Syria imposes visa regime on Turks in retaliatory move

The Syrian foreign ministry said the new measure was in response to a decision taken by Turkey on December 9

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Syria said Thursday it would begin requiring visas from Turks entering the country, reversing a six-year agreement with Ankara that allowed visa-free entry to citizens of both countries, after a similar move by Turkey.

The Syrian foreign ministry said the new measure was in response to a decision taken by Turkey on December 9.

A Turkish government official confirmed the decision but emphasized it did not apply to refugees who make up almost all the Syrians in Turkey.

“The Syrian government, in virtue of the principles of reciprocity and national sovereignty, decided to refuse entry to Syria for Turkish citizens without visas,” a ministry statement said.

“The Turkish government is responsible for the consequences (of this decision) on the ties between the Syrian and Turkish peoples,” added the statement, published by state news agency SANA.

A senior Turkish government official, who asked not to be named, confirmed the restriction and said it was a security measure due to a significant increase in the number of fake passport holders among travelers arriving in Turkey from Egypt and Lebanon.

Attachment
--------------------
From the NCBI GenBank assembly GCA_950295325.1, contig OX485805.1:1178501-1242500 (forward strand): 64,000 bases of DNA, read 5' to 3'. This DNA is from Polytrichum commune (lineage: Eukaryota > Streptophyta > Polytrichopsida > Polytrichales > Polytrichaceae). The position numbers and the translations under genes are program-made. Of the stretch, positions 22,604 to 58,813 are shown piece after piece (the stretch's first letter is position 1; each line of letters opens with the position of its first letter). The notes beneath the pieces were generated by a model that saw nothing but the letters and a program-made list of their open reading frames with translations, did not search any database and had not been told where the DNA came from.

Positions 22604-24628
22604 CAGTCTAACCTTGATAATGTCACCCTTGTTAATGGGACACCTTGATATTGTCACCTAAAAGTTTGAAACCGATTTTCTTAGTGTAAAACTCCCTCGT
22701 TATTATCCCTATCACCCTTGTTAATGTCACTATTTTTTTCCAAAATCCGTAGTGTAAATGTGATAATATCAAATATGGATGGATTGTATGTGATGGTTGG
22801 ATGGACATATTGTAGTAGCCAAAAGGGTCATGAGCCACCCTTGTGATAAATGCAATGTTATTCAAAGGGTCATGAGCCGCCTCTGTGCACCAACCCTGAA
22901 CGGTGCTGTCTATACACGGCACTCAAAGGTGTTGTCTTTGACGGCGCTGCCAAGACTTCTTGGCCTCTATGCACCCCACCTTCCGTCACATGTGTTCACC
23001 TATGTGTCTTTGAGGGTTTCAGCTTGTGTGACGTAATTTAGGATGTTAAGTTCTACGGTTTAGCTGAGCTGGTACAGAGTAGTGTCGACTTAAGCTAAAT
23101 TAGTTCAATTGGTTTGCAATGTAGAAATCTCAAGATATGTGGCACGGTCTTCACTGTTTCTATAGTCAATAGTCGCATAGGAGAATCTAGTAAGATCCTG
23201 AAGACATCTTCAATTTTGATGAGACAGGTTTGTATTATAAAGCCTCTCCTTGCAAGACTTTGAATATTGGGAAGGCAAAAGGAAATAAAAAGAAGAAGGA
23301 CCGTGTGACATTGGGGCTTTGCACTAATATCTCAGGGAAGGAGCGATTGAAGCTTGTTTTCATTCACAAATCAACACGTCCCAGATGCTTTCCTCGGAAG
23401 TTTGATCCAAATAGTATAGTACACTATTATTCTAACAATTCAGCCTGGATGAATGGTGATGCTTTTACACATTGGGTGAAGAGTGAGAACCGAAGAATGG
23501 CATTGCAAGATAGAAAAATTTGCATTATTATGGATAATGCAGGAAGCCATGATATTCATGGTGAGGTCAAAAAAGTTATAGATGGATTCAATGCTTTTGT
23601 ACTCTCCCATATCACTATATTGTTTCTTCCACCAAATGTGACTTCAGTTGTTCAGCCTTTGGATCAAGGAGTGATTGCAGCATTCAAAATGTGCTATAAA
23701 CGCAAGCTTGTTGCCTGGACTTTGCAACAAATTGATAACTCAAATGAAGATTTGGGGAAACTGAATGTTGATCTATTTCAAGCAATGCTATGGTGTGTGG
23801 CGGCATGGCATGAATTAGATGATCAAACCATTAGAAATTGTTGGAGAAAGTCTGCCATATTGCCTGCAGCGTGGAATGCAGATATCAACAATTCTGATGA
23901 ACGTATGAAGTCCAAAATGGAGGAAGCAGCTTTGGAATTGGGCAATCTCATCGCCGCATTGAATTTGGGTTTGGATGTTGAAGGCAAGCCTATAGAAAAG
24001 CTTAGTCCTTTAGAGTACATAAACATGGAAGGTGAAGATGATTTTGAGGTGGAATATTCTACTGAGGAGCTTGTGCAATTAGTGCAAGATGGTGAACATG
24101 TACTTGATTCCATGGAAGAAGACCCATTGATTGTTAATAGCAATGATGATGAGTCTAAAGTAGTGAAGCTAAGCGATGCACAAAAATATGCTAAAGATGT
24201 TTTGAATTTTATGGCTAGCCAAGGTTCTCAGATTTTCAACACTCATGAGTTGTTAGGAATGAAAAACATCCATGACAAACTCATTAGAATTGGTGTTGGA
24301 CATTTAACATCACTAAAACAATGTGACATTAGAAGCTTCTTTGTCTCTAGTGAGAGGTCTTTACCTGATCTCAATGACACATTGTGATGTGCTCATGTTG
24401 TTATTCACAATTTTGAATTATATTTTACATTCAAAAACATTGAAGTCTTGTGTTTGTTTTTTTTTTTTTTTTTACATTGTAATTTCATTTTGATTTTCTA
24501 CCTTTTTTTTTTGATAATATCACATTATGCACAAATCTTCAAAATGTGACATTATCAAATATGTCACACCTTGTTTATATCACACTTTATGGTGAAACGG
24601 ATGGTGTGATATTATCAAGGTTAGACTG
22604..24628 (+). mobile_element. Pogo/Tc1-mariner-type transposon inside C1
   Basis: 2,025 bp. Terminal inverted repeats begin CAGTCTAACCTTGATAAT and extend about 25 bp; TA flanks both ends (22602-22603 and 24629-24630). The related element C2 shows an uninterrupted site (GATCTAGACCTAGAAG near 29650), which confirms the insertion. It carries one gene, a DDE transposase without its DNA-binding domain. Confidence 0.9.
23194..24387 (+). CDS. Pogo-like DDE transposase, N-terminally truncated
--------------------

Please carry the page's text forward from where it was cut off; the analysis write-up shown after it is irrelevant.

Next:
“The decision to introduce a visa requirement for Syrian nationals reflects the necessity to address this security issue,” said the official.

He stressed the visa requirement does not apply to refugees and asylum seekers.

Turkey now houses at least 2.2 million Syrian refugees who comprise almost all the Syrians in the country after fleeing the civil war.

“The Turkish government remains committed to the Open Door Policy toward refugees, which has been in place since 2011,” added the official.

Syrian nationals who entered Turkey on their passports had been allowed to remain in Turkey visa-free for stays up to 90 days within a six-month period.

Once an ally of Damascus, Ankara cut diplomatic ties with President Bashar al-Assad after the beginning of Syria’s uprising in March 2011.

Turkey has become a leading backer of the opposition to Assad, and Syria accuses it of supporting “terrorist groups.”

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